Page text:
New Additions to the San Antonio Black History Collection

What an incredible collection.

The Top Shelf

The San Antonio Black History Collection is rich in materials that reflect African-American Life in the 20th century. Many materials come from San Antonio funeral homes, schools, and churches. The collection has been arranged into the following series: businesses, churches, clubs and organizations, education, history, military, newspapers and magazines, and photographs.

Highlights of the collection include paper fans (or church fans), several African-American church records, and an incomplete run of SNAP magazine. The paper fans are undated, but reflect advertising for several San Antonio, Texas, mortuaries and funeral homes. Church materials include programs for Sunday services, yearbooks, and newsletters. Of note is a ledger for Ephesus Church of Seventh-Day Adventists (1873-1928) that lists church members names and addresses, and in some cases, the dates of death (bulk dates for the records are 1923-1928). The ledger also contains brief synopses of meetings among the reverend, church staff, and elders for the years…

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Election 2018: Recommended reading II

Today we’re seeing a blizzard of news analysis pieces, essays, op-eds, and a million other election-related items. Here are five pieces I’d recommend.

Today we’re seeing a blizzard of news analysis pieces, essays, op-eds, and a million other election-related items. Here are five pieces I’d recommend.

1. Jeff Sessions out as attorney general
By Politico | November 2018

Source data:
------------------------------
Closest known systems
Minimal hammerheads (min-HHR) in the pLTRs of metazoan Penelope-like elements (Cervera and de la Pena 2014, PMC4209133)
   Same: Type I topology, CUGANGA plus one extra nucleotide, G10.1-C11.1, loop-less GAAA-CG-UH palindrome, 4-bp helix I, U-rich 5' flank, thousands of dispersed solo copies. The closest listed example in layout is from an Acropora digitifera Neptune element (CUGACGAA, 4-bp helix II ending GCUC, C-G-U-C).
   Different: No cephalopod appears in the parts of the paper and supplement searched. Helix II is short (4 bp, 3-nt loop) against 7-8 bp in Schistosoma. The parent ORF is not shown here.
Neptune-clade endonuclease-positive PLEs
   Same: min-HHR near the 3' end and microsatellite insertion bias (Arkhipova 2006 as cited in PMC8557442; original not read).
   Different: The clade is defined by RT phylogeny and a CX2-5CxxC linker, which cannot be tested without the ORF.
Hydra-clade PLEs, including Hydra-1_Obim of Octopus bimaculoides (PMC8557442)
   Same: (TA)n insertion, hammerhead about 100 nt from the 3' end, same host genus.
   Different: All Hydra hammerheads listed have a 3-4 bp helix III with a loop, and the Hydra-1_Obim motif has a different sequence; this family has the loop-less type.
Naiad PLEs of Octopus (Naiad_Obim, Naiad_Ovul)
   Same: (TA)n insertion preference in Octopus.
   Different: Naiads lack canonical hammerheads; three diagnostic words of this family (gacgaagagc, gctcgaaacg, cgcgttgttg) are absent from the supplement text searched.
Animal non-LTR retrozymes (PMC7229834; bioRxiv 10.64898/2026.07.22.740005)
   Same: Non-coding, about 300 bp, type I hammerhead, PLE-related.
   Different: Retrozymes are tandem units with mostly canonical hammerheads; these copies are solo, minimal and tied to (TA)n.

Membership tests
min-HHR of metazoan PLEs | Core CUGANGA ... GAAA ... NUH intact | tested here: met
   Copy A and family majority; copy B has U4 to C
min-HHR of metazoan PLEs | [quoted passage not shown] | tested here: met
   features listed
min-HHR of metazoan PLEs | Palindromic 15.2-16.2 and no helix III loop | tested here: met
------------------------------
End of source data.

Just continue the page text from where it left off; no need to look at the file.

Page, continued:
“President Donald Trump announced on Twitter on Wednesday that Jeff Sessions is out as attorney general, and that Sessions’ chief of staff, Matthew Whitaker, will take over as the acting head of the Justice Department.”

2. Texas Congressional Delegation Grows More Diverse Amid Several Republican Upsets
By Marcia Recio | Texas Monthly | November 2018
“An evening that included the unseating of longtime Congressman Pete Sessions saw the historic election of the state’s first two Latinas to Congress.”

3. How a Democratic U.S. House could alter foreign policy
By Patricia Zengerle | Reuters | November 2018
“Democrats plan Russia-related investigations, such as a probe of possible business ties and conflicts of interest between Trump and Russia. From a policy perspective, a Democratic-led House would push to punish Russia for interference in U.S. elections and activities including its aggression in Ukraine and involvement in the Syrian civil war.”

4. A partisan war awaits Trump. That just might suit him.
By Peter Baker | The New York Times | November 2018
“Combative by nature, happier in a fight, the president may now have to choose between escalating the pitched conflict that has torn Washington apart in recent years and attempting the sort of reach-across-the-aisle conciliation that has rarely marked his presidency so far.”

5. Don DeLillo on Trump’s America: ‘I’m not sure the country is recoverable’
By Xan Brooks | The Guardian | November 2018
“He has spent half a century dissecting America’s dreams and nightmares. Now the great novelist is imagining what his ‘deluged’ country will be like three years from today”

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Election 2018: Finally over

What a night. Democrat Beto O’Rourke goes down in defeat. Republicans hold the Senate and may lose the House. Bexar County is bluer than ever.

This series was meant to continue into the midnight, 1 a.m. and 2 a.m. hours but the intricacies of editing took precedence, followed by the need for some sleep.

9:00 to 10:00

What a night. Democrat Beto O’Rourke goes down in defeat. Republicans hold the Senate and may lose the House. Bexar County is bluer than ever.

The hardest part of the night is underway … editing all the little stories that are flowing in from the reporters and piecing them all together for tomorrow morning’s broadcast.

Preparing a newscast seems to be more art than science — the tone has to be just right; there’s a particular balance of information and voices that must be achieved.

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Election 2018: It ain’t over ’til it’s over

There are almost 8,000 precincts in Texas, and only a fraction of their votes have been tallied. The following hours offer only more drama and tension.

7:00 to 8:00

Our news coverage plan is unfolding almost flawlessly. I’m so proud of my reporters. I’m so proud of my entire news team.